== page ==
Behavioral science has provided us with impressive evidence on people being trustworthy, willing to trust others, guided by an intrinsic motivation and responsive to communication. We can utilize this contribution of behavioral science for preventing corruption.
In a recent paper entitled “Preventing Corruption by Promoting Trust – Insights from Behavioral Science,” I explain this with the help of six examples:
- First, the “four-eyes principle” builds on the idea that people in teams of two monitor each other. But this mutual control goes along with a collateral consequence, often labelled “the hidden costs of control.” The principle creates an atmosphere of distrust that reduces the self-esteem that people get from contributing to the public good and working with individual responsibility.
- Second, another standard approach to preventing corruption is to limit official discretion. Procurement, officials, for example, are often required to base their decisions only on objective and predetermined criteria. This is supposed to make it harder for corrupt officials to manipulate the procurement process. But this approach also means that honest procurement officers cannot use their experience for selecting high-quality and uncorrupt suppliers.
- Third, elimination of official discretion has counterproductive effects in development aid. Development workers are nowadays required to select partners using formal, verifiable systems that hinder corruption. They can no longer cooperate with local partners, whose systems and capacity in anti-corruption they are supposed to help develop.
- Fourth, many organizations have policies that require employees to sign “compliance statements.” Behavioral science is full of examples on how such small moral reminders can have a substantial impact on behavior. Unfortunately, many compliance statements tend to be complex and lengthy, and are signed long after decisions have already been made — contrary to insights from behavioral science.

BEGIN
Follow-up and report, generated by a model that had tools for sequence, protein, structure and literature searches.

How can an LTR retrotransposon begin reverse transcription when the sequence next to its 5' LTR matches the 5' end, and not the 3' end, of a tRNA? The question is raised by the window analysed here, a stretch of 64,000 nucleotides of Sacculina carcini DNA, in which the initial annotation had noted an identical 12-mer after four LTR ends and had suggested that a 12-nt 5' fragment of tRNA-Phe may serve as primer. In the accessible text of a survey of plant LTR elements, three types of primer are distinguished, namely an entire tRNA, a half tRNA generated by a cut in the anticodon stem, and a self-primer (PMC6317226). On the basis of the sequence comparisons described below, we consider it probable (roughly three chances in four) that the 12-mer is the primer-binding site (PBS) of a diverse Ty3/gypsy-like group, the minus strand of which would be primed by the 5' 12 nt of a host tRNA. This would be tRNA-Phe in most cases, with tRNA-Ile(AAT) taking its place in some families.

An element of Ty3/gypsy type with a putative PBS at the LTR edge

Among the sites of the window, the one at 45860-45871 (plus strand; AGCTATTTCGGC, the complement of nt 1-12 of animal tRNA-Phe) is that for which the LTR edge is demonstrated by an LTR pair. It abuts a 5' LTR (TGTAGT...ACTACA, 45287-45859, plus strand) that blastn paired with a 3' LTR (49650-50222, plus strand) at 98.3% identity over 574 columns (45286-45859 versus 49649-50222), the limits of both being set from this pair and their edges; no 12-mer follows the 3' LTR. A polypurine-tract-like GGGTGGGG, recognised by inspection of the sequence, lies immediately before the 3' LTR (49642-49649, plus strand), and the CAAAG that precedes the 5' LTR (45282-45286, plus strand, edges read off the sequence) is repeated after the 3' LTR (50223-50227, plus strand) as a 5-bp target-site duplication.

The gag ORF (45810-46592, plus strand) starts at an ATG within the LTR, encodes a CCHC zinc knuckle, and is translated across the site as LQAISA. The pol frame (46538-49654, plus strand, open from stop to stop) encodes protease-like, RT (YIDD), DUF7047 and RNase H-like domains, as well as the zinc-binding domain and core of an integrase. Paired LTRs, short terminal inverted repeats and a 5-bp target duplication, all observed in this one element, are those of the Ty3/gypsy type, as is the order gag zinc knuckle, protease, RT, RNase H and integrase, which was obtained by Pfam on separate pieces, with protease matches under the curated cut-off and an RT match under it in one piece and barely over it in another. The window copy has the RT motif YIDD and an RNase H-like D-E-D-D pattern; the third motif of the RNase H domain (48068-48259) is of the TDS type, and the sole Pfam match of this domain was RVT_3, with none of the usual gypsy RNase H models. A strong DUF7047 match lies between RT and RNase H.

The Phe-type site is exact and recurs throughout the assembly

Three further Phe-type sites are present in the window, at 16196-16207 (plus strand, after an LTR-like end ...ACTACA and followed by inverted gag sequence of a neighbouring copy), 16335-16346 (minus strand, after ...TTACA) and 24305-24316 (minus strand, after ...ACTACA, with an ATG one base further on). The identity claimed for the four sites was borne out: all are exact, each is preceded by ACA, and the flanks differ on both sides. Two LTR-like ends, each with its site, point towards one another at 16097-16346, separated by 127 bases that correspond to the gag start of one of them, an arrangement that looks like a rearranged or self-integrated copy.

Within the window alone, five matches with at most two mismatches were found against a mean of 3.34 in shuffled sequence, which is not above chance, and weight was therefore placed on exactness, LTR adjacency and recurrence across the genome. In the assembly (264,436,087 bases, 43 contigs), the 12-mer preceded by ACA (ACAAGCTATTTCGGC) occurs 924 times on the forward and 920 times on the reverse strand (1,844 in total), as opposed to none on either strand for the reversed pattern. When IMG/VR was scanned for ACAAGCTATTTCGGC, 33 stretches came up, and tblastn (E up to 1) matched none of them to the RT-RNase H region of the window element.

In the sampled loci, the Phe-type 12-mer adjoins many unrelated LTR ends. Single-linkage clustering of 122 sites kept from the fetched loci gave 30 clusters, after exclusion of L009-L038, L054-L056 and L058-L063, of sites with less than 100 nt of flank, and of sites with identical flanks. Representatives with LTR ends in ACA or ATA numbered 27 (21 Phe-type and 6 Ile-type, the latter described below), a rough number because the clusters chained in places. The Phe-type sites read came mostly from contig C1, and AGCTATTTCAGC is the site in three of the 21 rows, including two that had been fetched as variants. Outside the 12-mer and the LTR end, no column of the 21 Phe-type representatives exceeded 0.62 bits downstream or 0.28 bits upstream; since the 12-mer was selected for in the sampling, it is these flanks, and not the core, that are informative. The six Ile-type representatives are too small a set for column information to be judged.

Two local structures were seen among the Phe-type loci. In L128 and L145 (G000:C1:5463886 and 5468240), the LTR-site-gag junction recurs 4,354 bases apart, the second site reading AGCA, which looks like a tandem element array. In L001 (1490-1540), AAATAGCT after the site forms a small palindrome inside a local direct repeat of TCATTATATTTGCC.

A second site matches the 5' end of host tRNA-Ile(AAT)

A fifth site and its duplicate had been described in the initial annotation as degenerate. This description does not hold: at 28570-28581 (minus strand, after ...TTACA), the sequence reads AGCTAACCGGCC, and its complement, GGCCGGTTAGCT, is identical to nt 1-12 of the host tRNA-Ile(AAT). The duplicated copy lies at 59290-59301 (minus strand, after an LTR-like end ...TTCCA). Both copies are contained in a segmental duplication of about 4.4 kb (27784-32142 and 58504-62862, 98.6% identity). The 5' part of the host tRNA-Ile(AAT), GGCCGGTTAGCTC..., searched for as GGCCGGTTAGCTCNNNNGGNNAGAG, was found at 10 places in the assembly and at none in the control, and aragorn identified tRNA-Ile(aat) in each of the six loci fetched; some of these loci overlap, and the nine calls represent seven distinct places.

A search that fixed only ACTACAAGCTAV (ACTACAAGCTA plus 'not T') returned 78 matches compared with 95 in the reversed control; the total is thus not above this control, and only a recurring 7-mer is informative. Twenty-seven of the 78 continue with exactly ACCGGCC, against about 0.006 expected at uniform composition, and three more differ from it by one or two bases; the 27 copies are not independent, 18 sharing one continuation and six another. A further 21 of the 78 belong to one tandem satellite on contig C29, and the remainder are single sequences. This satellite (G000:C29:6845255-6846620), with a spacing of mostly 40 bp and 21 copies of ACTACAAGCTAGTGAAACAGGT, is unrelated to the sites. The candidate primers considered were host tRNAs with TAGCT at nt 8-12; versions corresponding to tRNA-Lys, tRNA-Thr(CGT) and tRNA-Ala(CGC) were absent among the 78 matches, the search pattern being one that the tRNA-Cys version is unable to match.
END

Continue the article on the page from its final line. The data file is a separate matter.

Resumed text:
- Fifth, law enforcement (such as the UK Bribery Act or the U.S. prosecutorial policy) may be more lenient to firms whose employees paid bribes if the companies can provide evidence of “adequate procedures“ or an effective compliance program (allegedly demonstrated by signed compliance statements, expenses for ethics training, and the like). This, in turn, gives corporate leadership perverse incentives to act in a hypocritical way. These incentives undermine employees’ individual responsibility for ethical conduct.
- Sixth, widespread evidence shows that the so-called “tone at the top” has a profound impact on behavior, more important than the “adequate procedures.” People react to praise and criticism by corporate leaders and their business partners. Our problem is that the tone at the top is not objectively measurable. Its existence cannot be verified solidly by outside observers. Preventing corruption with a focus only on objective criteria will not pay attention to this most important aspect.
These six examples relate to preventive methods that are built on distrust towards officials and employees. These are seen as potentially corrupt actors, who must be rigorously controlled. Behavioral science points to the hidden costs of such methods. It provides us with impressive evidence that in most circumstances people are trustworthy and willing to take individual responsibility. Rather than adding more and more controls, we should allow people to use their discretionary power for preventing corruption.
Prof. Dr. Johann Graf Lambsdorff, pictured above, holds a professorship in economic theory at the University of Passau, Germany, since 2003. In 1995, he designed the Corruption Perceptions Index on behalf of Transparency International and oversaw its realization until 2008. He is globally recognized for his work on measuring corruption and the institutional and behavioral economics of reform. He can be contacted here.